The historic companies such as the Celadon Terra Cotta Company and the Ludowici-Celedon Company which had plants here no longer exist, but in honour of memories worth preserving and publicising, when the district was still prospering and covering the walls and roofs of buildings under construction in New York a school of ceramics was founded which has now become a college of art and design.
The new pavilion, built on the square that separated the two buildings from the campus, was originally a temporary exhibition space for young ceramics artists. The small rectangular volume overlooking Academic Alley, the most important pedestrian route through the campus, has terra cotta sunshades on its walls which take advantage of the material’s insulating properties to protect the glass structure below them: the modules’ design and inclination ensures sufficient natural lighting of the open space two floors high on the ground floor and the gallery at mezzanine level.
The project’s architectural vocabulary brings terra cotta into the modern age: the ceramic modules making up the façades are reiterated on the basis of a rhythm which adds motion to the walls to the point that they look like the product of a change in orientation, almost as if the ceramic sunshades were effectively mobile elements. The use of ceramics not only pays homage to a traditional material but offers benefits for the quality of the interior through careful design of the architectural system as a whole: the sunshades on the walls, the cement floor with radiating underfloor heating and the thermoplastic coating for insulating the roof from UV rays earned the project USGBC LEED Silver certification.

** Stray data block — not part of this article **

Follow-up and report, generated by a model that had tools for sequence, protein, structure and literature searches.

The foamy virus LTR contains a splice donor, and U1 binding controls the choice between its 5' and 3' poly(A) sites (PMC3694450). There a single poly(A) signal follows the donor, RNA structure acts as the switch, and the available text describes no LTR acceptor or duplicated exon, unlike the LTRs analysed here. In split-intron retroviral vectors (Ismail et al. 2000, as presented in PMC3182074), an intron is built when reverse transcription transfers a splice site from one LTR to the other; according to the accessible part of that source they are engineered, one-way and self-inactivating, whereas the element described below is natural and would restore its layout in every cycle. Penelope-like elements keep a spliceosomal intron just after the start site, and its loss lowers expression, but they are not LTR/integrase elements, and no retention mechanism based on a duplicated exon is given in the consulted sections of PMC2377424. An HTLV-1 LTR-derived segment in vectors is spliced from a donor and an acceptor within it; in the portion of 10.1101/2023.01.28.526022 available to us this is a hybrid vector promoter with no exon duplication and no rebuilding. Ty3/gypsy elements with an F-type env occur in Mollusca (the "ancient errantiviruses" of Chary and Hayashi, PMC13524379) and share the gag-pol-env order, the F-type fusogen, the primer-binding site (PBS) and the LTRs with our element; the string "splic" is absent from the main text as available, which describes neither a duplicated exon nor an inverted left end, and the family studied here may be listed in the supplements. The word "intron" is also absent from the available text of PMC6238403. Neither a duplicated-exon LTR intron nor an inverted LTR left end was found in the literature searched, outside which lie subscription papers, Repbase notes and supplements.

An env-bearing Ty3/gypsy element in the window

Ikon.5’s McGee Art Pavilion is aligned with the only original building still standing on the location of the nineteenth-century industrial complex, the Terra Cotta Building, on the other side of the campus: a small brick building built by the Celadon Terra Cotta Company in 1892 as its sales office and warehouse, it is now a cultural landmark for the new showroom, establishing a valuable figurative dialectic with it over a century later.
Design: Ikon.5 Architects
Client: The State University of New York Construction Fund
Location: Alfred, New York (USA)
Structural design: Ysrael A. Seinuk, P.C
Total usable floor area: 1765 m2
Project start date: 2009
Completion of work: 2011
Ceramic façade: Boston Valley Terra Cotta
Concrete floor installed on site
Photographs: © Brad Feinknopf